Simulation may simply be the answer to a public-sector difficulty. By David Clark-Murphy
Public sector managers are generally selected for positions on the basis of their knowledge and skills related to a job description. Unfortunately, job descriptions rarely include consideration of the levels of complexity of working environments. In a single department, similarly graded positions with similar job descriptions may be used in selecting managers for work in quite different environments. These environments may differ in their levels of complexity related to organisational structure, rate of change, internal “politicality”, and the range and depth of dealings with the outside world. As a result, individuals may be assigned to work environments to which they are poorly suited.
Because workplaces vary in complexity, an indication of a manager’s capacity to perform in complex working environments may be useful.
Thus, for managers to be effective they must be compatible with the environmental complexity as well as the technical demands of the position.
Part of a solution to the difficulties of selection is an organisational simulation. Simulations can provide complexity levels more closely matching real-world environments. They allow manipulation of organisational complexity and precise assessment of the effect on people’s decision-making performance.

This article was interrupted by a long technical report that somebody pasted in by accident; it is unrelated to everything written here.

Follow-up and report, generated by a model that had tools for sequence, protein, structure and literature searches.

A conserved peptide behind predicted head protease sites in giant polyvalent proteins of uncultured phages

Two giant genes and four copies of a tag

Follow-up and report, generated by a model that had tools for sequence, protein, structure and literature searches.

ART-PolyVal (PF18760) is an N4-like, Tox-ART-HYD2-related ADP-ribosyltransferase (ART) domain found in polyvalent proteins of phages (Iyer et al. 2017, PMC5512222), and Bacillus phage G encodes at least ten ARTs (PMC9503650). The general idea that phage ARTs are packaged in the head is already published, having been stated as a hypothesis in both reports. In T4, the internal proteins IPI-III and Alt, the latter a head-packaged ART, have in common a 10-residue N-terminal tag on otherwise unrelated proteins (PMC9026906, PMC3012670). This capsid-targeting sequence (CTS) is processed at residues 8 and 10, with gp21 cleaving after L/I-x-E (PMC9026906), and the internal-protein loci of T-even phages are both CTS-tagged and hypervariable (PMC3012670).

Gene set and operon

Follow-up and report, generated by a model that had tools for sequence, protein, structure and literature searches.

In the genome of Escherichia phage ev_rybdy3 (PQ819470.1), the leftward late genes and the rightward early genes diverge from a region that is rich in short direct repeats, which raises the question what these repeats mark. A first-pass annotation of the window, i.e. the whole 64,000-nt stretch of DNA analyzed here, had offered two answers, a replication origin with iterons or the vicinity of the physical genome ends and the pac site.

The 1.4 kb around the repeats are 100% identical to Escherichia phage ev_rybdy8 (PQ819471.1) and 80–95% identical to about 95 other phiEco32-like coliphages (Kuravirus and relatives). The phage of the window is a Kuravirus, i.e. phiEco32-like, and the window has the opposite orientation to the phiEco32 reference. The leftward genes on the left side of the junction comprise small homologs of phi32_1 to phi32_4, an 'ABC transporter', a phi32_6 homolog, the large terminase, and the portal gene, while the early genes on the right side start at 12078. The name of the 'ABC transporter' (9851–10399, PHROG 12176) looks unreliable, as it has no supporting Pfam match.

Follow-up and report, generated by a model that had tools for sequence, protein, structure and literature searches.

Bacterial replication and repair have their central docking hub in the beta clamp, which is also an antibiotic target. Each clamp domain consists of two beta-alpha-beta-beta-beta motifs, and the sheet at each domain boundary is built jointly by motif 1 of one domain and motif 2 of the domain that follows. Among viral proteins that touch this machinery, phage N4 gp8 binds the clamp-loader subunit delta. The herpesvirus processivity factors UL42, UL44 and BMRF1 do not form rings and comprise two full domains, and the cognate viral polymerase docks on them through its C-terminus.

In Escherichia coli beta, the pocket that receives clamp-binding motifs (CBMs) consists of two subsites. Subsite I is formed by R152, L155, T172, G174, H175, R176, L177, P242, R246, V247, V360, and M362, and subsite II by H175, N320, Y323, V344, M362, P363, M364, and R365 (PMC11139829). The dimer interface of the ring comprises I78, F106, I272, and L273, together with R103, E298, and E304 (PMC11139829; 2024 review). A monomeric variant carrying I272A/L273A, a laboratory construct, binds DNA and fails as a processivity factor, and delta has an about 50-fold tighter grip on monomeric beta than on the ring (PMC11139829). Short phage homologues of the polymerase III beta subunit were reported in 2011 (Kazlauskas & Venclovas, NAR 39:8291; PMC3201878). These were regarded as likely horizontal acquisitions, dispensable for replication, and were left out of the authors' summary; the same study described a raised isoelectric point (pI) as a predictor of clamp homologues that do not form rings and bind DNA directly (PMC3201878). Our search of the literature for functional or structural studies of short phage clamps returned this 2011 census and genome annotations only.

The public sector has a history of being inhabited by managers who are disinclined to be innovative. However, reform requires managers who can generate ideas; the public sector needs to attract recruits with more innovative abilities than were sought in the past. As there is much support in the literature for a relationship between cognitive style and innovative ability, a measure of cognitive style can be used to test the predictability of decision-making performance by individuals in complex environments.
A close correlation between decision-making performance in a simulation and assessments of cognitive styles allows more economically administered tests of cognitive style to be used as a screening device to predict decision-making performance.
There is a curvilinear relationship between cognitive styles and decision-making performance. More cognitively innovative subjects outperform others in environments of higher complexity. Unpredictably, extremely high and low innovators perform well below standard in low-complexity environments. Moderate innovators significantly outperform them both.
Boredom or lack of challenge may explain the low performance by high innovators in low-complexity environments. Similarly, the superior performance recorded by moderate innovators in low-complexity environments suggests that the environmental complexity represented an optimal challenge for moderate innovators.
That high innovators outperformed low innovators in high-complexity environments represents a significant issue related to the increasing complexity of public-sector environments, especially those that deal with the media, the public, political agencies and the private sector. Thus, more highly innovative managers should be employed in such environments.